The Impact of Physical and Social Environments on the Protagonist
In “Paul’s Case” by Willa Cather
TRU ID: T00040004
Dr. Don. Stanley
Dated: April 15, 2015
The different physical and social environments in “Paul’s Case” by Willa Cather profoundly influence the behavior of the protagonist, Paul. The hostility Paul feels at school, his boring social life at home, his dream world in the Carnegie Hall and his final escape to the New York City all contribute to Paul’s isolation from the ordinary world and lead him to his suicide.
Cather introduces the protagonist in the first physical environment, the school. It is here that Paul is interrogated by the school board for his “various misdemeanors” (Cather 235). This meeting presented an opportunity for Paul to show remorse for his mischiefs and to display a behavior appropriate enough so that he could be allowed back in school. However, Paul showed persistence in his defiance of school authority and “his teachers left the building dissatisfied and unhappy; humiliated to have felt so vindictive toward a mere boy,” (Cather 237). Paul is introduced as a troubling young man who despise his teachers and school for not being up to his dream standard which causes his teachers at the meeting to “ fell upon him without mercy, his English teacher leading the pack” (Cather 236). Their hostility towards Paul contributes to his expulsion from school and his further isolation from the ordinary world.
The Carnegie Hall Theater is another physical environment where Paul works as an usher. The beautiful arts, dazzling colors of lights and splendid performances in the Carnegie hall has a great impact on Paul’s behavior. It helps Paul to escape stress of boring daily life at home and school to the extent that he even forget the “nastiness of his teacher’s being there” (Cather 238). Paul takes a great pleasure in his job, theatrical scenes, being around actors and people of high social standings. “He was always considerably excited while he dressed, twanging all over to the tuning of the strings and the preliminary flourishes of the horns in the music-room” (Cather 237). However, the Carnegie Hall has a delusional impact on his mind set in that it cater to his imaginary world of luxury as if it is a reception and Paul is the host without any aspiration to be part of the performers (Cather 237).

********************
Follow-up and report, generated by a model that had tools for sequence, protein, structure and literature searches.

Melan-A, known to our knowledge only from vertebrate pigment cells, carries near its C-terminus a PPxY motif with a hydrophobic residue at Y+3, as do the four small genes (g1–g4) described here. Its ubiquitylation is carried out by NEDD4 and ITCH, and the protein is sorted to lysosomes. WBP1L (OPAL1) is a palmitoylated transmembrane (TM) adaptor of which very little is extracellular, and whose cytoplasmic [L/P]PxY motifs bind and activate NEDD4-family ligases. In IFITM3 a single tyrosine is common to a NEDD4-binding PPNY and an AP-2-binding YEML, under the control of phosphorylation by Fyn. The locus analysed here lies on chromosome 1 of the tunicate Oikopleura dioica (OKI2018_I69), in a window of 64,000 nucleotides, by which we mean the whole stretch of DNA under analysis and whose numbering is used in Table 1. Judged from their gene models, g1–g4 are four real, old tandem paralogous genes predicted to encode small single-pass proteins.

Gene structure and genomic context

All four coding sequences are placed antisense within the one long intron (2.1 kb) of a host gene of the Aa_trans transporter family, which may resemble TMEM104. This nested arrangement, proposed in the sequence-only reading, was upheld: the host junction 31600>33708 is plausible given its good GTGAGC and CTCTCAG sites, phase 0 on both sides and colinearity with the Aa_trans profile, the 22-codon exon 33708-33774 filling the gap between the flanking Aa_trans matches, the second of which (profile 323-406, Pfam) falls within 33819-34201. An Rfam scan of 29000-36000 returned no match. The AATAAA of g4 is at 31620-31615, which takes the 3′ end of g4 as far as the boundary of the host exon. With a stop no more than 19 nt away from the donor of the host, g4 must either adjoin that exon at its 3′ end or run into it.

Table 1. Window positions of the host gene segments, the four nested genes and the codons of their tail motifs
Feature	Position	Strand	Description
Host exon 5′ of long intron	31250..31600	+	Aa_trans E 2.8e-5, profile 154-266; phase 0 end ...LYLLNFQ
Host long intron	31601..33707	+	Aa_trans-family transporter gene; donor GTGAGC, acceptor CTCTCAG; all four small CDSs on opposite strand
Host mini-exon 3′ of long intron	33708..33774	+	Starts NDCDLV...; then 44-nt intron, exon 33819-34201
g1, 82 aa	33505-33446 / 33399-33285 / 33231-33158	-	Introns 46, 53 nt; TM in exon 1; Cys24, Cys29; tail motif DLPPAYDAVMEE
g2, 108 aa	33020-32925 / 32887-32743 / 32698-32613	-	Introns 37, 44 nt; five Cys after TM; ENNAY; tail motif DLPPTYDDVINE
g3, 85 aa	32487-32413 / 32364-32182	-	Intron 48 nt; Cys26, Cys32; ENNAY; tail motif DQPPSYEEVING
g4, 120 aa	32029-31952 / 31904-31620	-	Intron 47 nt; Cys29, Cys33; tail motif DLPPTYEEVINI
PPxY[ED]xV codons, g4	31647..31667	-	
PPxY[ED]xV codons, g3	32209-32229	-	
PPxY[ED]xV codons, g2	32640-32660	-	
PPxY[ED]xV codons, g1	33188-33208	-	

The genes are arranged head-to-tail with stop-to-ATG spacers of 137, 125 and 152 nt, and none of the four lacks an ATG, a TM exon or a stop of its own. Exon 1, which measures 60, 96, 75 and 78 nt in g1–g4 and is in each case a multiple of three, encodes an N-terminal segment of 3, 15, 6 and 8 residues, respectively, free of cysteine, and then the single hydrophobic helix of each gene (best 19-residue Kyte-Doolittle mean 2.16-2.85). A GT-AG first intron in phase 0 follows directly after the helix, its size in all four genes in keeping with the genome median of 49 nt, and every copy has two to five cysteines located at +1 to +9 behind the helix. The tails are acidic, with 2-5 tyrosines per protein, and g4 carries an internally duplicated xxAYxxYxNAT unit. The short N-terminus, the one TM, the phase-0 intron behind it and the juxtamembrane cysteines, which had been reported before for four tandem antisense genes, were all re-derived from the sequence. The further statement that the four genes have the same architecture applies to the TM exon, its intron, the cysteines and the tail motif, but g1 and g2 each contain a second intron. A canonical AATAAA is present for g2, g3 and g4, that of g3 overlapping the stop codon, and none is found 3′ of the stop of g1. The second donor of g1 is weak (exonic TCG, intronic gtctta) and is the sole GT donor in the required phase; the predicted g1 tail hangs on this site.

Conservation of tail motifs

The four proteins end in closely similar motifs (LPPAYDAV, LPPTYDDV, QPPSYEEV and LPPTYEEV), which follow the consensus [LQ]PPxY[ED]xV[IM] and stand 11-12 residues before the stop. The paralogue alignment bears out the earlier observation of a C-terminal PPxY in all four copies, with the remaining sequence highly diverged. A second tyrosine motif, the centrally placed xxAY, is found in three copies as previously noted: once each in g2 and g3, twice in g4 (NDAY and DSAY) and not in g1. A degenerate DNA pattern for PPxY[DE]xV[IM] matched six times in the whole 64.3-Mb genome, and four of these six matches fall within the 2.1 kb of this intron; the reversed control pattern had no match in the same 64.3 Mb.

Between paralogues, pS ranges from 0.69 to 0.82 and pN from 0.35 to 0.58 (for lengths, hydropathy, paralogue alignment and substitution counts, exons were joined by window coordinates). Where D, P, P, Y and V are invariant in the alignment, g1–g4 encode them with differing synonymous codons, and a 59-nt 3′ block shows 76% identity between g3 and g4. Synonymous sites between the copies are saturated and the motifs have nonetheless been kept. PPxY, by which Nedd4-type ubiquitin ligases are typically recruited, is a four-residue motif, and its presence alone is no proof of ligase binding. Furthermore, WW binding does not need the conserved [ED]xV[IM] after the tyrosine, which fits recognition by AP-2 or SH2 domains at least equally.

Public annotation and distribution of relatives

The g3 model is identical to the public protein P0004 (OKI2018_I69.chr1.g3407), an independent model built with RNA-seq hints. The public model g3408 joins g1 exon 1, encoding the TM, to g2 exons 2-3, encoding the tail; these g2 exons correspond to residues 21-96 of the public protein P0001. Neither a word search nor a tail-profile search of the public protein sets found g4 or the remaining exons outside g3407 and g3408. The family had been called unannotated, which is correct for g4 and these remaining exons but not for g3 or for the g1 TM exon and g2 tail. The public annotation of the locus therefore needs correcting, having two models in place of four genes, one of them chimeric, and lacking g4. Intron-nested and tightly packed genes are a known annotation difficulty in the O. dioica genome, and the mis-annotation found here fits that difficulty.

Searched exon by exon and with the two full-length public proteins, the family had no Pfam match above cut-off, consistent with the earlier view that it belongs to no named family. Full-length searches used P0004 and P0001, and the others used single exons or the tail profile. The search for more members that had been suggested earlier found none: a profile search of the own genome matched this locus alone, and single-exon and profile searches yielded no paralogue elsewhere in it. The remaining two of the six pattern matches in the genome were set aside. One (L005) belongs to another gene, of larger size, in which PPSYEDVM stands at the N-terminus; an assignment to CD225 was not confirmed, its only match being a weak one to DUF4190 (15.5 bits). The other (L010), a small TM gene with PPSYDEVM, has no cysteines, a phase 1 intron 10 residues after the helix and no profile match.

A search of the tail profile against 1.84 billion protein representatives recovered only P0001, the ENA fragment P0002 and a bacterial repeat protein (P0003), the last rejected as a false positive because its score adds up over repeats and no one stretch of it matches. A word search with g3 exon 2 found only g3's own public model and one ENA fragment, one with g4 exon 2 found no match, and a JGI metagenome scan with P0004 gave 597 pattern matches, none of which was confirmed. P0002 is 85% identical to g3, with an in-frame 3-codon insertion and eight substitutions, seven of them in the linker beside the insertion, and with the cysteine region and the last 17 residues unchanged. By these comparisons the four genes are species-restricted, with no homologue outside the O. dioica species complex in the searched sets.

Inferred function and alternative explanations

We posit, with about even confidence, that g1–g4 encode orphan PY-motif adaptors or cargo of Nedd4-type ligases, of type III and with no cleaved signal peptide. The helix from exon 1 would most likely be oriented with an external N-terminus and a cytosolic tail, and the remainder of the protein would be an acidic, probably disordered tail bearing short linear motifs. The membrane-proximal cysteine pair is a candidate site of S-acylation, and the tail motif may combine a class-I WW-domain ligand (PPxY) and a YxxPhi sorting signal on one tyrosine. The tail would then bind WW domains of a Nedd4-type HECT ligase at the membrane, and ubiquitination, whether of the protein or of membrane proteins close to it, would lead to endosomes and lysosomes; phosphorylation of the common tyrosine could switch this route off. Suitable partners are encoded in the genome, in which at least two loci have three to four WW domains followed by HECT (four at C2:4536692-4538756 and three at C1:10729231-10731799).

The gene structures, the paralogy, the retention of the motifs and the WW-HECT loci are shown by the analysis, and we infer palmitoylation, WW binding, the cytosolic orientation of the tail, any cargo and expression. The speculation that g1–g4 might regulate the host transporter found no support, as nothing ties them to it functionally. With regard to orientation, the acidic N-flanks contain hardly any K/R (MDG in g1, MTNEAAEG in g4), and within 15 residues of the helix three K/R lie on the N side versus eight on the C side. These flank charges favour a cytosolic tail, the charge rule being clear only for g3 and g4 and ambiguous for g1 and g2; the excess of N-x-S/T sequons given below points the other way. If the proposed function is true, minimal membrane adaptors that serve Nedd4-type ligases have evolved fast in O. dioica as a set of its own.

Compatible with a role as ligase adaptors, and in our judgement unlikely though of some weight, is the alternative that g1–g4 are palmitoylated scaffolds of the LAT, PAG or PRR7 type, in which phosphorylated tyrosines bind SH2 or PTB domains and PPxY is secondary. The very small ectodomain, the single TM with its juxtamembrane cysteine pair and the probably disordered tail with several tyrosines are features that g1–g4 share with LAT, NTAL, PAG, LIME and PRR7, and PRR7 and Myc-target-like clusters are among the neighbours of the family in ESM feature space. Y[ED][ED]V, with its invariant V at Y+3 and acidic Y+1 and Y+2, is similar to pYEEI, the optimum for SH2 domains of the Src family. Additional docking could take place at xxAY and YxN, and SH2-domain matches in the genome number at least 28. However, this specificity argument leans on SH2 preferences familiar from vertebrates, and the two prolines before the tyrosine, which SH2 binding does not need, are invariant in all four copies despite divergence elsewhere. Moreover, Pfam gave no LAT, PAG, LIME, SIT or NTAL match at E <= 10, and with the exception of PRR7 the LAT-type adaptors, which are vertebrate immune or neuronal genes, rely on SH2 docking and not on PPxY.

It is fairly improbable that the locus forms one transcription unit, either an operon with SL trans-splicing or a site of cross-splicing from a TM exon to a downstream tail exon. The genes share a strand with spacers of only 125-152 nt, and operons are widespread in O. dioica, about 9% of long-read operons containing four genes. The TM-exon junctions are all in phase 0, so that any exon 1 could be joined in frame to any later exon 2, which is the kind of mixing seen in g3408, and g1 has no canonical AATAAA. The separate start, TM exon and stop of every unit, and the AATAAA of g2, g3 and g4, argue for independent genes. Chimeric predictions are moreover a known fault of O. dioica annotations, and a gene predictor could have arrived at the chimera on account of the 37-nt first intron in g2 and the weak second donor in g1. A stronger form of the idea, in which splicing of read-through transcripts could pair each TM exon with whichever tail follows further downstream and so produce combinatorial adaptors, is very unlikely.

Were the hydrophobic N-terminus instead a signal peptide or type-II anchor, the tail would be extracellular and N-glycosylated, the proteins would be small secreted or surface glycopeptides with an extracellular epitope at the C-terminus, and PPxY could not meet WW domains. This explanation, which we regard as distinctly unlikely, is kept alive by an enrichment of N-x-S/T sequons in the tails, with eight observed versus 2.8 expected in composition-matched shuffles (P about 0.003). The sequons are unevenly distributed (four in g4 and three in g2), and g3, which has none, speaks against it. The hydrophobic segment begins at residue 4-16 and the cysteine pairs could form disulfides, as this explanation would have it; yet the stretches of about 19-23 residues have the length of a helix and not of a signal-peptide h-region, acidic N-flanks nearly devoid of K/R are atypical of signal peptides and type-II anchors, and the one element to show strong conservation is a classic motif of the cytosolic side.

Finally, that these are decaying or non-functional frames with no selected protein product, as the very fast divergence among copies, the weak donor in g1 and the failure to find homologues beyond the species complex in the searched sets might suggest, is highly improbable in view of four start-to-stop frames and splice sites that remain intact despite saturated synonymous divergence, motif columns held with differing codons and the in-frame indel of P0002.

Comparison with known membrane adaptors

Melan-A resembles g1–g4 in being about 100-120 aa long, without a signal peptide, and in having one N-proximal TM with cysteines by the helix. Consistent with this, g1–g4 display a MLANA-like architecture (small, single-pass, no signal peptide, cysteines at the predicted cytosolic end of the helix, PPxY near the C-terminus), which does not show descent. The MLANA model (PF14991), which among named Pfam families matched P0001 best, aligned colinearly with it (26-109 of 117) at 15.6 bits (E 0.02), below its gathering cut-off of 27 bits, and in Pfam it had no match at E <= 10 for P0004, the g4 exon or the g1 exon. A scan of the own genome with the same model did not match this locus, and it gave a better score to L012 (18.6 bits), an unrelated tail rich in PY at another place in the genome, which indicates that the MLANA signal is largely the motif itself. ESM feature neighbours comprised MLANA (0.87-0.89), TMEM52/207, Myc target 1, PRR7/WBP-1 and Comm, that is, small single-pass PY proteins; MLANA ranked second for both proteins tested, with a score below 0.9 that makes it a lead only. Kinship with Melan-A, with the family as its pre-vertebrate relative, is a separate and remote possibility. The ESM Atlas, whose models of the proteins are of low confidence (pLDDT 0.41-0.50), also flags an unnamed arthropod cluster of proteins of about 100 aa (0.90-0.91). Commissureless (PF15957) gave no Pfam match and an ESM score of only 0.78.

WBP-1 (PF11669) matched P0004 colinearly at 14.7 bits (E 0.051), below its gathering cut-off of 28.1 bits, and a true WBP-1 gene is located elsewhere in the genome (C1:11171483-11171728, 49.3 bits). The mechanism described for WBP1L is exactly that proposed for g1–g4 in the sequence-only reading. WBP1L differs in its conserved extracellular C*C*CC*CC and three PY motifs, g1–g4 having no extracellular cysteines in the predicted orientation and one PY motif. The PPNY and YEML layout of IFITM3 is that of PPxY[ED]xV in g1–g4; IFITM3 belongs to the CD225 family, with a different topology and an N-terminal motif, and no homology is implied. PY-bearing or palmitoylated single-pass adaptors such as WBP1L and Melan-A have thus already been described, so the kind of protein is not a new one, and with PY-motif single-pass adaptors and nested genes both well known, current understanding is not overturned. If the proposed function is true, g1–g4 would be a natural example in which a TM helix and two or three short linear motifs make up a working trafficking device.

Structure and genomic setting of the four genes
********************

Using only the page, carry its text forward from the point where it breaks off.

Another physical environment is Paul’s father’s house on Cordelia Street where Paul lives. Paul resents to live in the house with such unbearable living conditions. “The nearer he approached the house, the more absolutely unequal Paul felt to the sight of it all; his ugly sleeping chamber; the cold bathroom with the grimy zinc tub, the cracked mirror, the dripping spigots; his father, at the top of the stairs, his hairy legs sticking out from his night-shirt, his feet thrust into carpet slippers” (Cather 239). It seems that